Hyperdimension Neptunia has been a fan favourite since it was first released and still is, with 3 remakes and many spin-off titles. The first game Hyperdimension Neptunia was remade as Hyperdimension Neptunia Re;Birth 1 and is available on the Playstation Store, Steam and in physical editions too – PlayAsia, Amazon. This review covers the Steam edition, but personally I reckon that the vita is a perfect platform for this type of game.
At first glance, Hyperdimension Neptunia seems like a complex universe to enter, but it’s actually simple enough. There’s a single sequence of game, with some spinoffs and remakes tacked alongside:
[Blue for main series, Yellow for remakes & Red for spin-offs]
Hyperdimension Neptunia (let’s shorten this to HDN so I don’t have to type it every time) is a heavily story-driven J-RPG. The story in an RPG is vital to my enjoyment of the game – I find gameplay in the genre tends to be samey, differing only with small alterations to battles, graphic quality, et cetera – and after so much grinding I find I don’t return to the game. Neptunia suffers here also, but not as bad as some series – grinds are motivated by quests – simply tasks such as kill X amount of Y Monster, collect X of Y item – Nothing creative here – but pretty much as soon as you finish with a dungeon, you’ll find an unlock for a new side-dungeon or your characters will be strong enough to fight through the next section.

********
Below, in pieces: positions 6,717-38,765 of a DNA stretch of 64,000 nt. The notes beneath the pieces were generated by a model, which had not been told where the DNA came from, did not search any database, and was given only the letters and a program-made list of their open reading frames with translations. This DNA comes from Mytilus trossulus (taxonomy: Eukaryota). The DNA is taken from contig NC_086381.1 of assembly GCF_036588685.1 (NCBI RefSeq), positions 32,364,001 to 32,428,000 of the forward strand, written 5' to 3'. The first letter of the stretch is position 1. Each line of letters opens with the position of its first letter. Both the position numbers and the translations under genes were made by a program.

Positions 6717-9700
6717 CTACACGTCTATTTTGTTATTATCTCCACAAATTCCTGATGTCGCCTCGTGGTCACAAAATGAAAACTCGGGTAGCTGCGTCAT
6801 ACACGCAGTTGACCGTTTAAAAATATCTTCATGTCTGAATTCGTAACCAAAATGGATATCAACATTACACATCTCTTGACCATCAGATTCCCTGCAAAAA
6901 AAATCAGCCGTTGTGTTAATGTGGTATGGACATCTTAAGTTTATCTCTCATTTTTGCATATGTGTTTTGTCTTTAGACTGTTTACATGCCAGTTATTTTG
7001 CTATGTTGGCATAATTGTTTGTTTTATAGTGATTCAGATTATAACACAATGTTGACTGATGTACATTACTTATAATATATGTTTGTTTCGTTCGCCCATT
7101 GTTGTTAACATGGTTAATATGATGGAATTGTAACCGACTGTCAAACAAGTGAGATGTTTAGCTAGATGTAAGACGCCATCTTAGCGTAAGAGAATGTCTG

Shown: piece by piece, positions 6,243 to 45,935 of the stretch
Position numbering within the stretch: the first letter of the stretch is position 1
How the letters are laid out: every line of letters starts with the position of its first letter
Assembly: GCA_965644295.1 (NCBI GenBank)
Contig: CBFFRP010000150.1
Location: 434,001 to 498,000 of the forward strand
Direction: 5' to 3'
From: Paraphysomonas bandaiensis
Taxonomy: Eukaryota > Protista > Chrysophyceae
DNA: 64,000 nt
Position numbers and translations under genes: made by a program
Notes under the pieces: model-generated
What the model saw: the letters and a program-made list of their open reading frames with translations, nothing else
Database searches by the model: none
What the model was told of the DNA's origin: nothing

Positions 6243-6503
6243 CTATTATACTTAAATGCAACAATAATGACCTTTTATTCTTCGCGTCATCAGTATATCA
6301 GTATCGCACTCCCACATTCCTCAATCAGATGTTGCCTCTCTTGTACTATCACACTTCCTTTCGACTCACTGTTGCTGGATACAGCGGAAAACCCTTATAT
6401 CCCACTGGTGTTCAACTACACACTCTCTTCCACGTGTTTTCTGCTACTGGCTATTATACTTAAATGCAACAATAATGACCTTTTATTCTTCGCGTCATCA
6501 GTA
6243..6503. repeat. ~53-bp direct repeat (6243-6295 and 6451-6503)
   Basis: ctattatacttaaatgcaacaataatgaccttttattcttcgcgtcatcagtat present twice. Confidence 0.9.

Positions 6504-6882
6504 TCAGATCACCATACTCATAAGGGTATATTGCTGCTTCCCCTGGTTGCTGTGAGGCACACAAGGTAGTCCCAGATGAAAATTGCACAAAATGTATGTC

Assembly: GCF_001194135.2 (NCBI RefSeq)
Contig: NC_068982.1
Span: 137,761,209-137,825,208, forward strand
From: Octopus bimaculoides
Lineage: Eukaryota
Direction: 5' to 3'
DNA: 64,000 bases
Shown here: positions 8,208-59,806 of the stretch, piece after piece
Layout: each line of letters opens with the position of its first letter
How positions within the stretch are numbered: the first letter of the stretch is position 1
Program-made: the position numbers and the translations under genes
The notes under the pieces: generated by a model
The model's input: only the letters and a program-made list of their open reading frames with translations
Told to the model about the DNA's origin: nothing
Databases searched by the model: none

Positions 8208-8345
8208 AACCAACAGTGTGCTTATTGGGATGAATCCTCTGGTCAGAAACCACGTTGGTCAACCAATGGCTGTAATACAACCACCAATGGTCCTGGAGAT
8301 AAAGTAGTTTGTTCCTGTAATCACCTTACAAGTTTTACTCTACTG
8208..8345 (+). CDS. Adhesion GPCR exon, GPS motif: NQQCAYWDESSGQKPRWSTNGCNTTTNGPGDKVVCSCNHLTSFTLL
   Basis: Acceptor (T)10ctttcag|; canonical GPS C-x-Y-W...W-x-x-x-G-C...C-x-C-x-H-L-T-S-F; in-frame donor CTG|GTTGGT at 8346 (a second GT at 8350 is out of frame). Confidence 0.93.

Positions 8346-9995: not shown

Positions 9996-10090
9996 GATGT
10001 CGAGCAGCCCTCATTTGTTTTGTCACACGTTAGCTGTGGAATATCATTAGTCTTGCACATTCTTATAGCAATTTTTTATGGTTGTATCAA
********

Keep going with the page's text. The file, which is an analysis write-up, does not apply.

Fight scenes are carried out in 3D and whilst turn-based, have no time pressure.
The battle sections of the game are still longer than I would like, but the change in scenery, constant enemy challenge and small achievement (quests, plans, items, etc) are enough to make it bearable. Additionally, the battles themselves (as seen above) have enough variety in them to keep interested – Whether that be positional changes so you can just about hit multiple at the same time (we’re hitting 3 in the screenshot above) or tactical changes as you need to restore your party’s health whilst keeping the enemies’ barrage of attacks off you (you can only use healing abilities in-battle). Altogether it’s a very likeable system and I’m sure those who enjoy grinding will be delighted to find the DLC packs contain a boost of 300 levels to the cap for your characters, giving you an excuse to play for hours and hours and hours and…
Serious plot lines and complex characters
HDN knows its audience inside out and jokes are frequent. The story itself isn’t overly innovative, but it’s the telling that is the main appeal. Some of the jokes are obvious – you beat up Pacman-style ghosts and space invader aliens, whilst other references will fly over the heads of those not heavily familiar game/anime culture. At no stage does it seem inaccessible though.
Here I am, about to beat up a super otaku, a vader and Ms. Clyde
HDN Rebirth is a very fun game but occasionally falls into periods of overly simplistic humour and enemies that suddenly spike in difficulty. These points aside though, the game is intensely playable and the remake brings even more re-playability to the game in the form of additional costumes, dungeons, the ability to augment difficulties and other nice tweaks. Playing on a keyboard is awkward, but grab a gamepad or a console edition of the game and you’re sorted.
A definite purchase for those already in both the anime and gaming scene, but still a recommended play with just exposure to one.